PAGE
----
10 August 2011
The Land and Environment Court has declared that the Ku-ring-gai Local Environmental Plan (Town Centres) 2010 published in May 2010 has no legal force or effect. This means that the Ku-ring-gai Planning Scheme Ordinance is still in place.
The town centres plan was intended to deliver around 4,500 new dwellings over the next 20 years within the Ku-ring-gai town centres. In simple terms, the LEP was invalidated because the final plan published by the then Planning Minister, Tony Kelly, differed in material respects from the version that was publicly exhibited.
Most of the changes that tainted the process were made by the Ku-ring-gai Planning Panel, based on the advice of Ku-ring-gai Council officers. These changes related to things such as the controls on school sites and electricity substations, changes to biodiversity controls that extended the application of the exempt and complying development codes and the reduction in the size of a proposed heritage conservation area.
Only one change was the subject of an explicit ministerial decision. This related to the “Masada triangle site” which was upgraded from an “R2” low density residential zoning, to an “R4” high density zoning.
These changes breached a long-standing rule that limit the amendments that can be made to a draft planning instrument, in the absence of a re-exhibition. While it is perfectly normal to amend proposed planning instruments in between public exhibition and finalisation, amendments that mean the difference between the exhibited draft and the final version is “stark” and “significant” may invalidate the final plan.
This case, assuming it is not over-turned on appeal, highlights three issues.
Firstly, there are grave problems with entrusting matters of high planning significance to council officers (in this case, advising the Ku-ring-gai Planning Panel) when the council itself has no real commitment to the work program. If the council had supported the work of the planning panel, it might have, for example, allocated resources to obtain high quality legal advice to ensure that the work of its officers would not be the cause of a successful legal challenge. Instead, council officers were forced to muddle on through without that kind of expert assistance and, unwittingly, sowed the seeds of the plan’s destruction. A panel composed of part-time members, paid a modest honorarium for their work, is no safeguard from the legal errors that council officers can unwittingly introduce into a complex planning process.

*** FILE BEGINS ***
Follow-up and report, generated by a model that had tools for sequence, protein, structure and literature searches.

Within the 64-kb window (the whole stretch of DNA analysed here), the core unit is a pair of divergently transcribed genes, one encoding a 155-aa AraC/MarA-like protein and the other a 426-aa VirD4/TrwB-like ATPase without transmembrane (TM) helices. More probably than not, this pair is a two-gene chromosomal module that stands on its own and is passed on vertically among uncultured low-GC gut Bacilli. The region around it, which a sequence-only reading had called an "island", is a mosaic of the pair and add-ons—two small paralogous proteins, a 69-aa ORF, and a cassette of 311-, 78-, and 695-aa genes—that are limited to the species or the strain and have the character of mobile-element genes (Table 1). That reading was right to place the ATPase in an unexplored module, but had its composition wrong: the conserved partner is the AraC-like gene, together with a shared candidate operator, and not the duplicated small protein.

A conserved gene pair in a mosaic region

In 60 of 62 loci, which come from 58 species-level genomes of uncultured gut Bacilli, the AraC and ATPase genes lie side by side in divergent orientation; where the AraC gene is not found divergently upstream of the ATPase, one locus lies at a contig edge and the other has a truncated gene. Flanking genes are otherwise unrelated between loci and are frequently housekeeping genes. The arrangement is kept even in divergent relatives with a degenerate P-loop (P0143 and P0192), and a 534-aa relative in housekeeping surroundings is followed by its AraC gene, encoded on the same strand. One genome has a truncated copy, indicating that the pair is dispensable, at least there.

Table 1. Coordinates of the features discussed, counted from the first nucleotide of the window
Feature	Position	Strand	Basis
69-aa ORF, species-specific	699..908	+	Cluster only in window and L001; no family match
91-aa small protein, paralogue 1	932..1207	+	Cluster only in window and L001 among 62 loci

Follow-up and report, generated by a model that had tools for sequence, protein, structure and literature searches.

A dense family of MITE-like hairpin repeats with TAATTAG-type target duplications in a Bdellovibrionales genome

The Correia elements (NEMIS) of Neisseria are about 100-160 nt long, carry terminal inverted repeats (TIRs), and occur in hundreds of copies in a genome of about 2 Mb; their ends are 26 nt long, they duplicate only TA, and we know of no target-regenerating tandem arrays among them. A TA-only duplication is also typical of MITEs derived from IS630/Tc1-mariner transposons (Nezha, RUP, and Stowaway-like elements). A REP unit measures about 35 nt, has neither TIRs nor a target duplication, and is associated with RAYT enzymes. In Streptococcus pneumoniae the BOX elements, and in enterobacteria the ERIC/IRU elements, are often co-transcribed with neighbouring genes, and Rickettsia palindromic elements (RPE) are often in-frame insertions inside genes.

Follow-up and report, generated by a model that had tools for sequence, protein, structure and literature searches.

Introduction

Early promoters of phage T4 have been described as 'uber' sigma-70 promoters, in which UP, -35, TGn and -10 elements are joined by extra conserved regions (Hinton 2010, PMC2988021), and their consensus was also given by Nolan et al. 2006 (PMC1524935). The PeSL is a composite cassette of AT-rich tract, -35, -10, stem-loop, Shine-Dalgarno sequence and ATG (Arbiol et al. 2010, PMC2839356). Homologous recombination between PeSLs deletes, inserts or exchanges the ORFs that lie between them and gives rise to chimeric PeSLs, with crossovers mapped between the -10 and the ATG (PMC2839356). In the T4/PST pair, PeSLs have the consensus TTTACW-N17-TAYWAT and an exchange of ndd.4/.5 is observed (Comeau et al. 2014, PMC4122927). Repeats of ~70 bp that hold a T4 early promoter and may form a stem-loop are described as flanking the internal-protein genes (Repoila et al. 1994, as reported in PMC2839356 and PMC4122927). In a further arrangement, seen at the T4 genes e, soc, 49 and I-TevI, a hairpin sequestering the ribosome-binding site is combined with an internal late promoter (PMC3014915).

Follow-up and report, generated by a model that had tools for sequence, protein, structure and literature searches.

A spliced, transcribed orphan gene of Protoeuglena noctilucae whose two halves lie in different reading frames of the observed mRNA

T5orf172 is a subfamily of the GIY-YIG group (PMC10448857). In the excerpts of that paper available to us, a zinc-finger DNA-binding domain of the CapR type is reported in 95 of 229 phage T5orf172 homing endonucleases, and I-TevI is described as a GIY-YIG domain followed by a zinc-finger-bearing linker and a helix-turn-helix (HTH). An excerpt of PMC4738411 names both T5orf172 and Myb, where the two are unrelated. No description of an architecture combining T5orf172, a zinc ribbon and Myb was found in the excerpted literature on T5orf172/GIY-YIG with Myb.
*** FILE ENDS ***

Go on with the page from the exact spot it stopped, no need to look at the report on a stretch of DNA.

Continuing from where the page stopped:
Secondly, even the Department of Planning seemed to be ignorant of the need to ensure that the final plan was not starkly and significantly different from the exhibited plan. This is, of course, just the latest in a succession of successful legal actions against the Department of Planning. This surely must be a wake-up call that the Department needs to dramatically improve its ability to assess and manage legal risks.
Thirdly, many changes were made to the Ku-ring-gai Town Centres LEP between exhibition and finalisation, but the Court focused on the changes that increased, rather than decreased, the development potential of land. The message that the Department and councils will probably take from this decision, is that once a document is exhibited, any changes should not significantly increase development potential. From a developer’s point of view, this means we must insist that exhibited drafts include provision for everything that is required, and not rely on assurance that matters can be tidied up in a post-exhibition process.
This case adds to concerns about the sanctity of zoning in NSW, particularly in relation to any recently finalised zoning plan. If this decision stands – it will mean that, since May 2010, both the NSW Government (through its legislation website) and Ku-ring-gai Council (through its website and section 149 planning certificates) have wrongly represented the true development potential of land in the Ku-ring-gai town centres. We wait with interest to see what, if any, legal action is taken by people who have acted in reliance on these representations. If you’re such a person, the Urban Taskforce would be keen to know about any proceedings you commence (please contact us).
It should be noted that this litigation related to provisions in the Environmental Planning and Assessment Act that were repealed when the “gateway” process was introduced for new rezonings from July 2009. One of the main differences between the old and the new requirements, is that public exhibition under the new requirements is only mandatory if it is required under the “gateway determination” issued by the Department of Planning and Infrastructure for each project.
The full judgment by the Land and Environment Court is available here.